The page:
# CAD: An approach to mathematical curves for engineering, part 2, the coding.

Part 0, just hackish with a spreadsheet, result driven.
Part 1, the math, understanding ways to iterate.
Part 2, the coding, techniques available.

In part 1 the mathematics are explained. It turns out to be a solid base with a very functional algorithm in order to draw approximated curves.

## Status Quo

This pages offers clues for coding. I’ve tried several concepts as described in part 1. After ending up writing a few hundred lines of code I decided to stop because a proper solution is simply a lot of work in unpaid time that lacks.

That is not the complete story, after tinkering, I also came to the conclusion that using a non uniform rational basis spline, or NURBS , or spline is a proper alternative after all and, combined with the theories in part 1, it offers best possibilities (and consumes a lot of my time).

Does it mean that this page is worthless? No, it offers additional insights that you will not find on the net in a structured way.

## Making a NURBS

### Ways in Lisp

In Lisp there are several ways to create a NURBS or spline:

• Very easy with (command “._spline” …), not recommended for production environments.
• The object-way with (vla-AddSpline …), not discussed further.
• The old fashioned way, using (entmake …), discussed here.

### “Entmake” that spline

Consider the following code:

1 2 3 4 5 6 7 8 9 10 11 12 13 14 (setq point-list '((0 0) (1 1) (2 0) (3 -2) (4 0))) (entmake (append (list '(0 . "SPLINE") '(100 . "AcDbEntity") '(100 . "AcDbSpline") '(70 . 4) '(71 . 3) (cons 74 (length point-list)) ) (mapcar '(lambda (xy) (cons 11 xy)) point-list) ) )

The first line is paste-able on the CAD command line as:

(setq point-list '( (0 0) (1 1) (2 0) (3 -2) (4 0)))

The second part as:

(entmake (append (list '(0 . "SPLINE") '(100 . "AcDbEntity") '(100 . "AcDbSpline") '(70 . 4) '(71 . 3) (cons 74 (length point-list))) (mapcar '(lambda (xy) (cons 11 xy)) point-list)))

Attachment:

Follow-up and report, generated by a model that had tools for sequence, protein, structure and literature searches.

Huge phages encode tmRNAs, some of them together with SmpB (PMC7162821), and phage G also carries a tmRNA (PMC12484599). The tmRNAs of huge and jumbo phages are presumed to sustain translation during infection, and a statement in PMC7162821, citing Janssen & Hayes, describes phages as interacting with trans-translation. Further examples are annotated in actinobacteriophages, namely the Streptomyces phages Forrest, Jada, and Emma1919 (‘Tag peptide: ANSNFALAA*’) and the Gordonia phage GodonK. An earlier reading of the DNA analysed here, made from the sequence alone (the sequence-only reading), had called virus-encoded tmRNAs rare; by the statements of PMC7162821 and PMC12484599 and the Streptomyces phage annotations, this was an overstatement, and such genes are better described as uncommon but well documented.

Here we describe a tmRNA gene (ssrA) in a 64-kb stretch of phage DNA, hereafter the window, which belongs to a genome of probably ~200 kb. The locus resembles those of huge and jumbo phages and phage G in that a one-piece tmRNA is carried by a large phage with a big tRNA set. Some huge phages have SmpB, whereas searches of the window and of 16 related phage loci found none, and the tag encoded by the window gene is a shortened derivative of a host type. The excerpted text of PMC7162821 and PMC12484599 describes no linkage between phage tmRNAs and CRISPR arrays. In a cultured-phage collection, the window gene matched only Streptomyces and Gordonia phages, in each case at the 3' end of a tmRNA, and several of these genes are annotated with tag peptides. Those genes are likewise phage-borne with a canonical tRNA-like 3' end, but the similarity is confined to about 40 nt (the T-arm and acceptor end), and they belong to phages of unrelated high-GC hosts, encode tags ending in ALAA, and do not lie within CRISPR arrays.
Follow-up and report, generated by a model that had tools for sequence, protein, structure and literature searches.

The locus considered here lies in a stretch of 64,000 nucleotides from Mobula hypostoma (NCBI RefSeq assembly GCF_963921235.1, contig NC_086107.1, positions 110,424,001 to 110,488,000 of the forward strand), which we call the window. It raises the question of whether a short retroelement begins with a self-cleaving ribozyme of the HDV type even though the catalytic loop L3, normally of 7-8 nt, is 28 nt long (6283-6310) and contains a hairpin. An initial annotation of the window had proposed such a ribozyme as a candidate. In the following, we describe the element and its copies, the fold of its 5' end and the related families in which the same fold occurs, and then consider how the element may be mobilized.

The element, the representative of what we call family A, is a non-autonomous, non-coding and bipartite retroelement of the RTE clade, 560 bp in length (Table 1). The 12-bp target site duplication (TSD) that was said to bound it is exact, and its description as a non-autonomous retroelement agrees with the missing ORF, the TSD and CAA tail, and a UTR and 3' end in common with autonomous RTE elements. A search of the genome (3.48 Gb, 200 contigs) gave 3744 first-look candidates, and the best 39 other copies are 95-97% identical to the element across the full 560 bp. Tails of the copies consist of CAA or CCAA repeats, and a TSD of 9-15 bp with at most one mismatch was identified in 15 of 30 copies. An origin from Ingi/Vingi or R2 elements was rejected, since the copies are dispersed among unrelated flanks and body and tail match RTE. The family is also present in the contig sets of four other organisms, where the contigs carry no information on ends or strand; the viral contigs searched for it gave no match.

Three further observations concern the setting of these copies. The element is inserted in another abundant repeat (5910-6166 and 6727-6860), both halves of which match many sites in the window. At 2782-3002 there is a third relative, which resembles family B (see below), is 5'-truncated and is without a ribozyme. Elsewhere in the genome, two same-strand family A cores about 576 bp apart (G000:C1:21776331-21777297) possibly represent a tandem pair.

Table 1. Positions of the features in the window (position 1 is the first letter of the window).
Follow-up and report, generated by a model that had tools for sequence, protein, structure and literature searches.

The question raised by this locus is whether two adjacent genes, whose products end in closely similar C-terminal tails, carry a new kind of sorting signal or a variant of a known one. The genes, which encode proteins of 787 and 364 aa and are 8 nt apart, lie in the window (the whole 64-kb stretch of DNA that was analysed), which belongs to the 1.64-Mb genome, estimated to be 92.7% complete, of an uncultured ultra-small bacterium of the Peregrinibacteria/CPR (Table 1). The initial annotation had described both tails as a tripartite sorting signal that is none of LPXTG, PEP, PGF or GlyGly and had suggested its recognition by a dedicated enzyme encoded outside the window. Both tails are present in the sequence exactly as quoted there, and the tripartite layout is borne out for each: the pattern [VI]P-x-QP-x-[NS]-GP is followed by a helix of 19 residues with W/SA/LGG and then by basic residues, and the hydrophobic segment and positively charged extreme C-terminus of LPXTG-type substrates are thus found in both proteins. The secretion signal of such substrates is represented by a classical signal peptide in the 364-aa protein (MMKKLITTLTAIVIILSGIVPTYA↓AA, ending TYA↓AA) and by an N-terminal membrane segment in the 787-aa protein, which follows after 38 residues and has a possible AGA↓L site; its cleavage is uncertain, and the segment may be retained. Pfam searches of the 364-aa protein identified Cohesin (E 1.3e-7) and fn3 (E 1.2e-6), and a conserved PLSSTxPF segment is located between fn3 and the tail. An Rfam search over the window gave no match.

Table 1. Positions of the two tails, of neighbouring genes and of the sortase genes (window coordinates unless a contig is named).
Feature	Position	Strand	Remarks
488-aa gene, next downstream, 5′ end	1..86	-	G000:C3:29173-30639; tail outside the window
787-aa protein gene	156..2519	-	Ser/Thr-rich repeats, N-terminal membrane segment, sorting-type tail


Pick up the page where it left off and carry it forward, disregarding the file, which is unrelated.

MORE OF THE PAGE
Going through the code:

• “70 . 4” is DXF code 70 for spline type 4, i.e. “Rational spline”.
• “71 . 3” means degree 3.
• There are 5 points, so: “74 . 5”.
• “(mapcar “(lambda (xy) (cons 11 xy)) point-list)” returns a list with code “11” sublists: “((11 0 0) (11 1 1) (11 2 0) (11 3 -2) (11 4 0))”

That is all it takes to create a spline. Code “11” points are fit-points, going through the curve, what we want. This could also be “10” for control-points.

There is much more to be aware of, see DXF-codes for Splines. and more on NURBS at Wikipedia.

## How to feed mathematical functions to the program?

### Function files

Let’s say, we have a function . What we do is put it in a file with extension fun, for example: curve.fun. The filename should represent what you define in the file.

Please, do yourself a favour, use a suitable text editor like notepad++ and mark your code as Lisp during editing.

### Syntax explained

What is in the file? First of all: Valid Lisp code, more on that later. What is needed is:

• A safety factor to make sure the curve is within the deviation limits: fuzzy
• A maximum deviation: dev
• A tolerance as a part of dev: tol
• A start value for x: xmin
• An end value for x: xmax
• Divide calculations: xdiv
• The function: fx

A valid file contains:

1 2 3 4 5 6 7 (tol 0.2) (fuzzy 0.000) (dev 0.05) (xmin 0) (xmax 2) (xdiv 1) (fx (* x x))

That should be clear, setq assigns a value to a variable. What can go wrong? The number of opening parenthesis should be equal to the number of closing parenthesis. That is the number 1 error.

### Arithmetic functions

Here is a list of some arithmetic functions…

 (+ [number number] …) Add (- [number number] …) Subtract (* [number number] …) Multiply (/ [number number] …) Divide (~ int) Bitwise NOT (1+ number) Increment (1- number) Decrement (abs number) Absolute value (atan num1 [num2] ) Arctangent of num1 or num1/num2 (cos ang) Cosine (exp number) “e” raised to power (expt base power) Base raised to power (fix number) Nearest smaller integer (float number) Number to real (gcd int1 int2) Greatest common denominator (log number) Natural log of number (logand int int …) Logical bitwise AND (logior int int …) Logical bitwise inclusive OR (lsh int numbers) Logical bitwise shift by numbers (max number number …) Largest of numbers (min number number …) Smallest of numbers (sin ang) Sine (sqrt number) Square root

### Examples

• Note that 6 is an integer and 6.0 is a real.
• • (!)
• Expressions are evaluated inside out: (than-this (first-this))

The line containing a function, (fx (* x x)), is a list in a list. The examples below are like (fx (example)).

• (* x x)
• (expt x 2)
• (+ (* x x) (* 6.0 x) -2.5)
• (- (sin x) (* x (cos x)))
• (abs x)
• (int x)
• (sqrt (expt x 2))

## How configuration data is handled

What curve does is very basic: It reads lines from the files an interpretes them when they are in list format. A bit more in detail: the line “(xmax 3.2)” is a string. By using the read function, the line is converted to a list. From that point, further processing in Lisp is possible with a set statement (not setq).